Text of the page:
By David S. Bauders, CEO SPARXiQ

Every distributor is on a strategic pricing journey. The fundamental pricing challenge — thousands of SKUs, thousands of customers, and seller-negotiated pricing — is virtually endemic to distribution. Every day, quote by quote, decisions are made that determine the net profitability and organic growth rate of distributors. Everyone is working the same number of hours, but the value captured by each distributor depends on how this core business process is executed. Typically, distributors can capture 100 basis points or more from each stage progression, totaling 500 basis points or more.

Stage Zero:  The Wild West Approach to Pricing

The default state for the vast majority of distributors is a “Wild West” approach to pricing. They often price using peanut-butter margins ending in 0s and 5s or gravitate towards the nifty Last Price Paid feature in their ERP system. Companies in this stage tend to adhere to the mantra of “Leave Them Alone and Let Them Sell,” assuming their sellers understand market pricing. This approach, lacking tools, training, and processes, leads companies to perform at the bottom of industry profitability and growth metrics. Until these companies move up the maturity ladder, they risk being acquired by others who have advanced further.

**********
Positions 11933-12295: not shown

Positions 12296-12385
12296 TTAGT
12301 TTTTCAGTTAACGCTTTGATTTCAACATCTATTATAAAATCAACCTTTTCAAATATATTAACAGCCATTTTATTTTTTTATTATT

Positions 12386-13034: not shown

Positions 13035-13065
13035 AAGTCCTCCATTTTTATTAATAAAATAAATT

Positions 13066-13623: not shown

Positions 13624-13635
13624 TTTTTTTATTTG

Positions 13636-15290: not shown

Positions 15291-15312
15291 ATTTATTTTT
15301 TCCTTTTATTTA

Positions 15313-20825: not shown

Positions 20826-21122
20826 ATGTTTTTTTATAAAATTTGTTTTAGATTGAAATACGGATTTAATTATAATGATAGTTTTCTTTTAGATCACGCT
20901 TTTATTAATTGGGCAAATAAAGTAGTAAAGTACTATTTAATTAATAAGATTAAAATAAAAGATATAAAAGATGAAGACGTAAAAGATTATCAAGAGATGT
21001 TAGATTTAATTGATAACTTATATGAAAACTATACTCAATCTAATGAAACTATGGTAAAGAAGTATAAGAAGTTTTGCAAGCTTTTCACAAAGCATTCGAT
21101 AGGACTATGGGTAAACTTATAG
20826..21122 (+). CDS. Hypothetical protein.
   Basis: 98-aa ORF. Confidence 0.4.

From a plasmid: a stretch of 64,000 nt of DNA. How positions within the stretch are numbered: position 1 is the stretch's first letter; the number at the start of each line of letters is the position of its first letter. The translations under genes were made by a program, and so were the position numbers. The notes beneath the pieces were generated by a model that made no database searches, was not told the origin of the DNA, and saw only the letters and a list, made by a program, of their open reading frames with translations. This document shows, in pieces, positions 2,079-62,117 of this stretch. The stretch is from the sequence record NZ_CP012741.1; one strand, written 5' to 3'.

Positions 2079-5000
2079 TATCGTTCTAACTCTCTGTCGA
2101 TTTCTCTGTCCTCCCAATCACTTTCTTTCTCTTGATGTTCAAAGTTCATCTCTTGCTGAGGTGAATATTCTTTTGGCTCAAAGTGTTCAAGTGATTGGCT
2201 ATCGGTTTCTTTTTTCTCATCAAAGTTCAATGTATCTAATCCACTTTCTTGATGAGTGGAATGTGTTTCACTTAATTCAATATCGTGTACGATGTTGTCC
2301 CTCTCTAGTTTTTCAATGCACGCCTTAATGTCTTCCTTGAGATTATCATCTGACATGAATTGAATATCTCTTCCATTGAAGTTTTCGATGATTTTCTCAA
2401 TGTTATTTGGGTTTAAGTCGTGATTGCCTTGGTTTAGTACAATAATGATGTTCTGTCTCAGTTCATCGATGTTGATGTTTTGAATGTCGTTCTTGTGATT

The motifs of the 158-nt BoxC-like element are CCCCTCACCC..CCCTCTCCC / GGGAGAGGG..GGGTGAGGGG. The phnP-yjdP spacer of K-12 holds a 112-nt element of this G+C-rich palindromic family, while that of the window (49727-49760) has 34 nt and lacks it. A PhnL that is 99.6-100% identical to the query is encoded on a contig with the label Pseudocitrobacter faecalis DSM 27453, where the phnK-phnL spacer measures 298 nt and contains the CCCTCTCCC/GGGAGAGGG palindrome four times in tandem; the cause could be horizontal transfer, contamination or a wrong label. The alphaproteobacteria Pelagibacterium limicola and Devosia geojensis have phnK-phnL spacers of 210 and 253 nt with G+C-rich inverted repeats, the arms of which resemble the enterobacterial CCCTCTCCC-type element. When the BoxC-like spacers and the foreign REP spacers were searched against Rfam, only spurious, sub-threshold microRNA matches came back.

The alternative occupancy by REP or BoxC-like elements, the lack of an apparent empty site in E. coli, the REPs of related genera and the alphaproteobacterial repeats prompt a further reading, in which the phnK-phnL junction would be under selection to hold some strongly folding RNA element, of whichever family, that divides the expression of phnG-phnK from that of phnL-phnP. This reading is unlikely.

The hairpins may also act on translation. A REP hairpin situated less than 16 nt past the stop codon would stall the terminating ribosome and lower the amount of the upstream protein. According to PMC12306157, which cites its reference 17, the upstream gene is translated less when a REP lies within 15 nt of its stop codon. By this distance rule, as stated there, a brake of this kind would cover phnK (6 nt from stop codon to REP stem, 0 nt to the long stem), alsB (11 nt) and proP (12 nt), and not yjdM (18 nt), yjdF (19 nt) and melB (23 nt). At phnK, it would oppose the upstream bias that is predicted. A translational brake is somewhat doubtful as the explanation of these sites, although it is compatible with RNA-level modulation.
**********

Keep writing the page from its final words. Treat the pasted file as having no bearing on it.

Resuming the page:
Stage 1: Random Pricing

The first stage in the pricing maturity model is Random Pricing, which really describes an inconsistent use of structured pricing. In this stage, someone has started to implement some pricing matrices to offer sellers a simpler, more consistent or superficially logical approach to pricing. Often built in home-grown Excel spreadsheets, these pricing matrices are oversimplified and heavily based on cost-plus approaches, as in the Wild West state. Here, pricing matrices at least attempt to relate margin levels with customer segment, size or geography, and often differentiate by vendor or product family. However, as these companies’ pricing recommendations stem from internally derived, anecdotal, cost-based assessments of appropriate margins – rather than the true drivers of market pricing and share-acquisition — the adoption of these matrices is predictably poor, as is their alignment with market-level pricing expectations. Pricing overrides to these primitive systems can account for 50 percent or more of transactions.